Bikers are a funny bunch.
Whether your ride is a Harley Davidson, Ducati, Suzuki, Honda, Yamaha, some classic or even custom chopper job its amazing when you stop, take a step back and actually look at the riders themselves. I mean aside from all the stuff thats been written time and again about coming from different backgrounds, professions or even ethnicities, I'd like to think that we all consider ourselves as part of the same big family. There's the common bond of riding that gives room for conversation at a traffic light, rest stops or even if we catch each other at the store that wouldn't have been there if we'd met in any other circumstances.
But just as we see ourselves as one scattered and distantly related family, the non-riding public groups all bikers as one tight knit group with the actions of one reflecting on the whole.
This was apparent as I read about two unrelated police raids on motorcycle clubs in different parts of the country. The first one that made the news and caught my eye was reported by WKYT in Tennessee where the police raided Satans Motorcycle Club in Konx County which resulted in six arrests, a call to social services and charges of bootlegging, drug possession and endangering the welfare of a minor.
Then just minutes ago I read about the second unrelated raid which happened in New Brunswick, Canada and was featured on Brandon Online's news website. The Royal Canadian Mounted Police (insert related and obvious jokes here) arrested three men after two raids in southeastern New Brunswick, one at the clubhouse of the Bacchus Motorcycle Club and the other at a house. Although charges won't be filed until early next week the RCMP seized a number of firearms, including two handguns and several rifles, along with a quantity of drugs.
I'm the first to admit that with a name like Satan's Motorcycle Club you're bound to catch unwanted attention of law enforcement officials, but still a non-riding reader of either of these publications could possibly, if not purposefully look at the next biker they meet with a little concern.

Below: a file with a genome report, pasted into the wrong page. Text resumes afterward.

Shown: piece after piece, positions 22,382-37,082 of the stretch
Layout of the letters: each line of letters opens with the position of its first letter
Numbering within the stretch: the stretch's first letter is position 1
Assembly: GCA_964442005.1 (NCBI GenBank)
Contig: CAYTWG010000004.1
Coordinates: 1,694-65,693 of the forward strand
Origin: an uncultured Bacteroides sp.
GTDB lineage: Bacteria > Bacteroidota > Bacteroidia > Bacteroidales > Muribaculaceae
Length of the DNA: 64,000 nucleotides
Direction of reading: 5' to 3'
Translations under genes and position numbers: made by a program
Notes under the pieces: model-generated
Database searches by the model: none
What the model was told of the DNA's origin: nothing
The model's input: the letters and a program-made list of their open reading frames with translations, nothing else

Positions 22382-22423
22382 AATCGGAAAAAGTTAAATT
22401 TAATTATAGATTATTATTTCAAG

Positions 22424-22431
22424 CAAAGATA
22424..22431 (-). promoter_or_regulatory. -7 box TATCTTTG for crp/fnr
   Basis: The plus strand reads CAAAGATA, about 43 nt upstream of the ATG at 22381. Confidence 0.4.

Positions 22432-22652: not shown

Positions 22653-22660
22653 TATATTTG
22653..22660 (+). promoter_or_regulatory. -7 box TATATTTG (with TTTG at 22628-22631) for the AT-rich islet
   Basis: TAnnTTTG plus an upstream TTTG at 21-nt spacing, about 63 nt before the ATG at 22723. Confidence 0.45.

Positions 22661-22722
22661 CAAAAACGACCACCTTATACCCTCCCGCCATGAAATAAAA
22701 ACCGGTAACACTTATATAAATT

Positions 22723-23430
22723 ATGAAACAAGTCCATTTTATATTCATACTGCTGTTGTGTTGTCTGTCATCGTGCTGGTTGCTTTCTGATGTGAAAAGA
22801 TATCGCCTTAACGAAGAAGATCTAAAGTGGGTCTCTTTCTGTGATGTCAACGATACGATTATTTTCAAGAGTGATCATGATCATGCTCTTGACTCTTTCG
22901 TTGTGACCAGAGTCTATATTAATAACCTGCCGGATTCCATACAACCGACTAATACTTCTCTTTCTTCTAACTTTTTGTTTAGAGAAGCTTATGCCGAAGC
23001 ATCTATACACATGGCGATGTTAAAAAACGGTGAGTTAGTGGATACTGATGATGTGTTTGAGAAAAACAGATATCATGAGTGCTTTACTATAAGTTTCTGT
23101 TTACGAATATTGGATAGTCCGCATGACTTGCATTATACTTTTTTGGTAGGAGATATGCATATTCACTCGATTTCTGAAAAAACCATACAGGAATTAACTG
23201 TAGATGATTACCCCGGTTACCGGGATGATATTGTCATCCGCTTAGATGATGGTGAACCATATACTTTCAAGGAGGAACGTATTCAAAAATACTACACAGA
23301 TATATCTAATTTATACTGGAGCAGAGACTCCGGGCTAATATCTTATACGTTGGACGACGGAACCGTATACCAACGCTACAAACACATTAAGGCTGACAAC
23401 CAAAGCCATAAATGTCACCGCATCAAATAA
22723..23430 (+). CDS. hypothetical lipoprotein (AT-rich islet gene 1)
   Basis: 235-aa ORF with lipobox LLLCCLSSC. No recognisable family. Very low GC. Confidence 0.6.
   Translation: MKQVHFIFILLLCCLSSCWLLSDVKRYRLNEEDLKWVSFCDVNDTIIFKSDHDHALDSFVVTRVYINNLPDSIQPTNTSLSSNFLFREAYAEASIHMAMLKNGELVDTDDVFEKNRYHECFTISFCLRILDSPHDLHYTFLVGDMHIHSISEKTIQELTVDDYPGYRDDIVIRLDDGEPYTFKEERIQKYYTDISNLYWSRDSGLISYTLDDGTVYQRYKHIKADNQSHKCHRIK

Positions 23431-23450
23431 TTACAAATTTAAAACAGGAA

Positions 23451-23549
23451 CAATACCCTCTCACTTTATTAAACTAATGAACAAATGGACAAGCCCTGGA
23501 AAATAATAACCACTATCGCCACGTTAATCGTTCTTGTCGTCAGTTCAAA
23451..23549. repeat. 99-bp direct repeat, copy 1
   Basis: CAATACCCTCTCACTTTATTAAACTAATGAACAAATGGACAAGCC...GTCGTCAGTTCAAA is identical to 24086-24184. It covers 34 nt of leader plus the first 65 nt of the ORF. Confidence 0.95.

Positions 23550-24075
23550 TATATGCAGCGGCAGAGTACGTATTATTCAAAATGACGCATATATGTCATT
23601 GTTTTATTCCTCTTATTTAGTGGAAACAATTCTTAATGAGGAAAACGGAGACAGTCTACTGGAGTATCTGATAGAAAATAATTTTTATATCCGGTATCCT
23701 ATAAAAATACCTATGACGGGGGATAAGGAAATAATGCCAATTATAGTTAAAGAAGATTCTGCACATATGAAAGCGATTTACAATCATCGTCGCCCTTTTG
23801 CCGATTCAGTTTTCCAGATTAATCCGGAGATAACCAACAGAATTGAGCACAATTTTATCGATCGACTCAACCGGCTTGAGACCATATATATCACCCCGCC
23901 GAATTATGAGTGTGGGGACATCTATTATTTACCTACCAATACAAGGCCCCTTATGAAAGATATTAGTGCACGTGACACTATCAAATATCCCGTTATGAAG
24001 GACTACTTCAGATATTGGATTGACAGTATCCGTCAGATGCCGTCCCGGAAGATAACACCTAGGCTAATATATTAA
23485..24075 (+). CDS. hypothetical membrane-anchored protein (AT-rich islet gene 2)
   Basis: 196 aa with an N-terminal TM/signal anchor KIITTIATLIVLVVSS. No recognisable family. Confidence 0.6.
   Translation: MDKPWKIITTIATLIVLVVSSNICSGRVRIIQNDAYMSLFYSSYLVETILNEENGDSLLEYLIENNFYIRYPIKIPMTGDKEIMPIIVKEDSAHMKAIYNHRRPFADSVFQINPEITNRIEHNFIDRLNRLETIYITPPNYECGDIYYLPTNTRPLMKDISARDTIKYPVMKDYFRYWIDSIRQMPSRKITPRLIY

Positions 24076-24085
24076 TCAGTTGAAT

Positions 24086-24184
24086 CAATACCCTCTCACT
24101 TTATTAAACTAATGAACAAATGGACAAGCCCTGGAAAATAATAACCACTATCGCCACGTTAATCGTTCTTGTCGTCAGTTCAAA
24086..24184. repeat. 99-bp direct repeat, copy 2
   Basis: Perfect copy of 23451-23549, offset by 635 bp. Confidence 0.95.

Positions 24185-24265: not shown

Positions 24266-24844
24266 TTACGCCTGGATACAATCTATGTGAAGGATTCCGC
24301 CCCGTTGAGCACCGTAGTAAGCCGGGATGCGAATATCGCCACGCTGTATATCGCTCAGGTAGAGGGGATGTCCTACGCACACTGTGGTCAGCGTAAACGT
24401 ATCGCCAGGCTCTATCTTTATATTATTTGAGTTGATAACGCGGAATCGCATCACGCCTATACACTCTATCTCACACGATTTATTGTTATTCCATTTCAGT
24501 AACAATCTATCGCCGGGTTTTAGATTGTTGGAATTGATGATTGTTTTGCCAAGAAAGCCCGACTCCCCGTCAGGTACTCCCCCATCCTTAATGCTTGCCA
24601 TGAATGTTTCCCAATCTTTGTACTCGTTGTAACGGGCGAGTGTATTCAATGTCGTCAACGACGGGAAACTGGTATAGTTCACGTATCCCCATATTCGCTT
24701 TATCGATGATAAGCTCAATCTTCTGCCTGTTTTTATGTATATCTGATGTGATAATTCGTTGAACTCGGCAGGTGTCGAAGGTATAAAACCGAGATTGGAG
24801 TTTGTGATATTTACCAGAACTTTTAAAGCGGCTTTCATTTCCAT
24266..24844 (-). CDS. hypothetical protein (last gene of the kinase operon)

Even though there's a bad element in every crowd, we as bikers should make an effort to leave a good impression with non-riders in every little way we can. Politeness never hurt anyone and last time I looked it was free. Consideration of conversation topics and language should take into account whoever's within earshot of our group of riders. I know this all sounds like the Political Correctness everyone hates to follow during work hours, but can you imagine that older lady telling all her friends how this daunting looking leather-clad biker held the door open for her at the cafe this morning after breakfast?
Don't get me wrong, I think bikers do so much good for the community and thankfully the different chapters and organizations such as ABATE are always quick to have any charitable events make the papers. Not three headlines down from the Canadian raid was a news story about the Nashville chapter of Ruff Ryders fundraiser organized to raise money for the American Red Cross to benefit Hurricane Katrina survivors.
The Tenessean reported that about a 100 motorcycles 'flooded a parking lot near Watkins College of Art & Design for several hours. Clad in their bike club uniforms, mostly black leather jackets with embroidered logos, the riders gathered to dance, eat and hang out.'
I've had the chance to write about many other fundraising efforts benefitting everything from disasters, awareness of 9-11 victims and even raising money for supplies to be given to local schools. Right now up and down the country Toy Runs are being organized that will feature literally hundreds of riders in each event for those less fortunate children during the holidays.
But we all know that the negative stuff sticks in peoples minds and the difference in a persons perception of bikers can hang on whether or not you hold that door open for a few seconds and let the mother with the overloaded pram and crying kids in tow get into the book store that much easier.
Just a thought.